Baa Baa Black Sheep Nursery Rhyme Activities

Written by rebecca cartwright
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Baa Baa Black Sheep Nursery Rhyme Activities
"Baa Baa Black Sheep" can provide inspiration many different kinds of activities (sheep image by Joshua Peterson from

Traditional nursery rhymes like "Baa Baa Black Sheep" are not only familiar and fun, they are also a useful way to create a theme for different types of activities with children. Even older children who know the rhyme often respond well to a mixture of new material and revisiting old favourites. Using nursery rhymes this way works particularly well if you centre several different kinds of activities on the theme and return to the nursery rhyme for more than one day.

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Creative Activities

Use black puffballs and glue to create pictures of black sheep. For toddlers, you may want to supply an outline drawing of a sheep. Preschool age children can either draw their own outlines or create the animals completely from the puffballs. Vary this activity by supplying scraps of fabric in different colours and textures for clothing, bags and other picture elements. This particular nursery rhyme is also a good framework for activities about colour: what if sheep came in pastel shades of blue and purple?

Use the story to give toddlers and preschool age children a framework for pretend play. Supply some basic props, like bags, for acting out the story of "Baa Baa Black Sheep." Explore the props with the children to help them imagine the possibilities. Older preschoolers may enjoy making a play out of the basic rhyme by extending the story with their own embellishments. For a different kind of experience, supply puppets or provide materials for stick puppets.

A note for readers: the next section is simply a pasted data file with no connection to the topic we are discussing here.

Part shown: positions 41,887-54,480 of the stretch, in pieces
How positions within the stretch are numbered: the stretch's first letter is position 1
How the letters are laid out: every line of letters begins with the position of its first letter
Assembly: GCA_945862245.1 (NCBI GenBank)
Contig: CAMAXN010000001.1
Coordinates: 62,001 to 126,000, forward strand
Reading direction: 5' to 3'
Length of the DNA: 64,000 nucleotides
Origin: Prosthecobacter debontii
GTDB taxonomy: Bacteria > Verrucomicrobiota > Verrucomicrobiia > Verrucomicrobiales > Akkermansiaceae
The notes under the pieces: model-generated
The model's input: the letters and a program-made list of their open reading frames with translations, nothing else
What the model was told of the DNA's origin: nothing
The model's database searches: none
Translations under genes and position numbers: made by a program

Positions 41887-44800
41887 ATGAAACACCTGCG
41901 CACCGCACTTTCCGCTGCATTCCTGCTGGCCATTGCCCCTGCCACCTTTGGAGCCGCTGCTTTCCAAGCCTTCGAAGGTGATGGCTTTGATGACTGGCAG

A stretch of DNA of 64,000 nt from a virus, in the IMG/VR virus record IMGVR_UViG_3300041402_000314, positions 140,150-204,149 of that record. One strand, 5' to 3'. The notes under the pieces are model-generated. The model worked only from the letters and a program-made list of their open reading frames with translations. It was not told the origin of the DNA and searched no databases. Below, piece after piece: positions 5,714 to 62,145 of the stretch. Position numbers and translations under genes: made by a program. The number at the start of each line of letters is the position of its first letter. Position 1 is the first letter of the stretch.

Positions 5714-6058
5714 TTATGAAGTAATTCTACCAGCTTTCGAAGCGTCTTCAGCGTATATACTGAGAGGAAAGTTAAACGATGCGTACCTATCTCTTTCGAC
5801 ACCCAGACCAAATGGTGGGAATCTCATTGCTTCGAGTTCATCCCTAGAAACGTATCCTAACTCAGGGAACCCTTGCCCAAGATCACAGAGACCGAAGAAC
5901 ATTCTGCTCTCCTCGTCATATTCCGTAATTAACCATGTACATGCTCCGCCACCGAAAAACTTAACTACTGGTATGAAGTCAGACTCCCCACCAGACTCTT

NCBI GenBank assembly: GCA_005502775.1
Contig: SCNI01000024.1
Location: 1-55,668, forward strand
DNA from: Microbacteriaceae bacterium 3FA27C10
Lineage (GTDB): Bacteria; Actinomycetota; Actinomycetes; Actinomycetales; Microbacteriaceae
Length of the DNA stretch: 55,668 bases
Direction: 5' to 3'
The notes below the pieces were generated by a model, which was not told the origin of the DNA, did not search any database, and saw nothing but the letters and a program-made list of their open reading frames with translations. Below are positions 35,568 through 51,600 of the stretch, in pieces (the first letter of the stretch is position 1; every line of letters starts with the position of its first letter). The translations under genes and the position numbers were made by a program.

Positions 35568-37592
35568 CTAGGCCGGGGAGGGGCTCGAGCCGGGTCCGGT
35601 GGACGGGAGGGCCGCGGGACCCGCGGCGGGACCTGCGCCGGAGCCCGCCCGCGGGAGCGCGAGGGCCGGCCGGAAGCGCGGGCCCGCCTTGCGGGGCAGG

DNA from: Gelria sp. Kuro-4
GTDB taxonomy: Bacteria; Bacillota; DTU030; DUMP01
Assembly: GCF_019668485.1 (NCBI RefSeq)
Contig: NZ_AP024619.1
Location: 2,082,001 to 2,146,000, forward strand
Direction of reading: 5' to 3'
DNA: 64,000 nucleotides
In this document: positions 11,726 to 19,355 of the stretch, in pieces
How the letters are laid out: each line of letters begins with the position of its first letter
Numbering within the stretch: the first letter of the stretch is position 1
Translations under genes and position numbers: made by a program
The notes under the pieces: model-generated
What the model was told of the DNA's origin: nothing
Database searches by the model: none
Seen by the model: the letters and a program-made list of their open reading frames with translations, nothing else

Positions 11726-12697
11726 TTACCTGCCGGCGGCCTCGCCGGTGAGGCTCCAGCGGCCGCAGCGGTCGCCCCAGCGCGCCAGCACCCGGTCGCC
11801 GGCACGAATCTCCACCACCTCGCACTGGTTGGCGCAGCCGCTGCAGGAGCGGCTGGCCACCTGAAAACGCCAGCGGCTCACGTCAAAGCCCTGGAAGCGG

Physical Activities

Have a race where each runner must distribute bags of wool to three teammates. Soft bags stuffed with cotton and sewn shut work well for a "bag of wool" toss, either at targets or to teammates. Use stuffed animals and bags to make an obstacle course for anything from crawling to running. Challenge children to move like sheep on all fours or ask them to brainstorm and try out different ways a sheep could handle a bag of wool to deliver it.

Language Activities

Reciting the rhyme and clapping on each stressed syllable in short and simple verses like these helps children begin to understand poetry. "Mistress," "master" and "lane" are natural vocabulary building words. Memorising a poem such as "Baa Baa Black Sheep" is possible for even toddlers, while older preschool and kindergarten children can use it to practice reciting as individuals in front of a group. Use the words "baa baa" to introduce the different ways our language represents the sounds animals make and let children suggest and demonstrate other such words.

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